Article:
The headline read, “For Second Week in a Row: More COVID-19 Vaccination Deaths than COVID-19 Deaths in the US According to CDC and VAERS Websites.”
VAERS stands for Vaccine Adverse Event Reporting System, a website monitored by the U.S. Food and Drug Administration (FDA) and the Centers for Disease Control and Prevention (CDC). The figures on the site reflect the fact that it’s a public reporting tool, not a vaccine death toll.
“VAERS accepts reports of any adverse event following any vaccination,” according to the CDC. “Reports of adverse events to VAERS following vaccination, including deaths, do not necessarily mean that a vaccine caused a health problem.”
The CDC also said the COVID-19 vaccines are safe, and that reports of deaths from the vaccines are rare:
More than 339 million doses of COVID-19 vaccines were administered in the United States from December 14, 2020, through July 19, 2021. During this time, VAERS received 6,207 reports of death (0.0018%) among people who received a COVID-19 vaccine. FDA requires healthcare providers to report any death after COVID-19 vaccination to VAERS, even if it’s unclear whether the vaccine was the cause. Reports of adverse events to VAERS following vaccination, including deaths, do not necessarily mean that a vaccine caused a health problem. A review of available clinical information, including death certificates, autopsy, and medical records, has not established a causal link to COVID-19 vaccines. However, recent reports indicate a plausible causal relationship between the J&J/Janssen COVID-19 Vaccine and TTS, a rare and serious adverse event—blood clots with low platelets—which has caused deaths.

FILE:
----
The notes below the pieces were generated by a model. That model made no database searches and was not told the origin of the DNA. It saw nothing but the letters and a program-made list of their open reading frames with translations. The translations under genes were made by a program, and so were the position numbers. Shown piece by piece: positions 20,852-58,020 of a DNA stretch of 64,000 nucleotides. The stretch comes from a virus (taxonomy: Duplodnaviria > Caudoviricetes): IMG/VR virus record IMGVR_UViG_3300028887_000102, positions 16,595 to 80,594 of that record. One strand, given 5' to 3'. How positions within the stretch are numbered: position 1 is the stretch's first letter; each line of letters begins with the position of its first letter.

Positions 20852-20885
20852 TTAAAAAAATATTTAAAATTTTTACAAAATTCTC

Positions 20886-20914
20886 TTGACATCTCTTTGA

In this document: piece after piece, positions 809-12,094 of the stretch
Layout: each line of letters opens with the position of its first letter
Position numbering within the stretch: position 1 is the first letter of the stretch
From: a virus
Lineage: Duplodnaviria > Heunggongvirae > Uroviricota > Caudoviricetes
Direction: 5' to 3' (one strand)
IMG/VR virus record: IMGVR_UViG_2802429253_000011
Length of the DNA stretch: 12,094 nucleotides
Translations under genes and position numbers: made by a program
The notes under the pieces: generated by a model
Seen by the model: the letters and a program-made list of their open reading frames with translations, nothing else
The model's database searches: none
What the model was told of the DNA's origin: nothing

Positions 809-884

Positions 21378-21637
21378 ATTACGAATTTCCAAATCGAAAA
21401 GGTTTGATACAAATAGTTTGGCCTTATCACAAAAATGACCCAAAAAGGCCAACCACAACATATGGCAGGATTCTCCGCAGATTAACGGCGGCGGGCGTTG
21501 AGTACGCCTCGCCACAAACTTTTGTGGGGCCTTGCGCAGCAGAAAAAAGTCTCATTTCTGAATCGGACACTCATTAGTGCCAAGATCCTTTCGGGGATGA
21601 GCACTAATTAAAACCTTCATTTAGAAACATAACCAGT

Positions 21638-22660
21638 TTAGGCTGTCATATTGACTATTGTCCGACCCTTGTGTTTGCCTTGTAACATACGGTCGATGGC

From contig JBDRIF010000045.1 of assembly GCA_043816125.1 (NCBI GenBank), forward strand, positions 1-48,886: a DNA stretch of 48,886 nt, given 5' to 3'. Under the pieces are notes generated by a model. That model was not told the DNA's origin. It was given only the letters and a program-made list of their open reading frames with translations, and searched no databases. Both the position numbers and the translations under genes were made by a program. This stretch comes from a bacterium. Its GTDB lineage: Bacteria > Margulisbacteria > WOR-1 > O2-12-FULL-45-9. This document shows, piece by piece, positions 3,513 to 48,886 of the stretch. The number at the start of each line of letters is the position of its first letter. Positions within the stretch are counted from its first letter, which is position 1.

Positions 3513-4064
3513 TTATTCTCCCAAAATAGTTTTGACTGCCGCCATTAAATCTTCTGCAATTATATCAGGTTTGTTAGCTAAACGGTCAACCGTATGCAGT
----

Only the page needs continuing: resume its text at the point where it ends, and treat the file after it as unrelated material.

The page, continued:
Significant adverse reactions from COVID-19 vaccines are rare, but when they do happen, they are usually the result of an allergic reaction.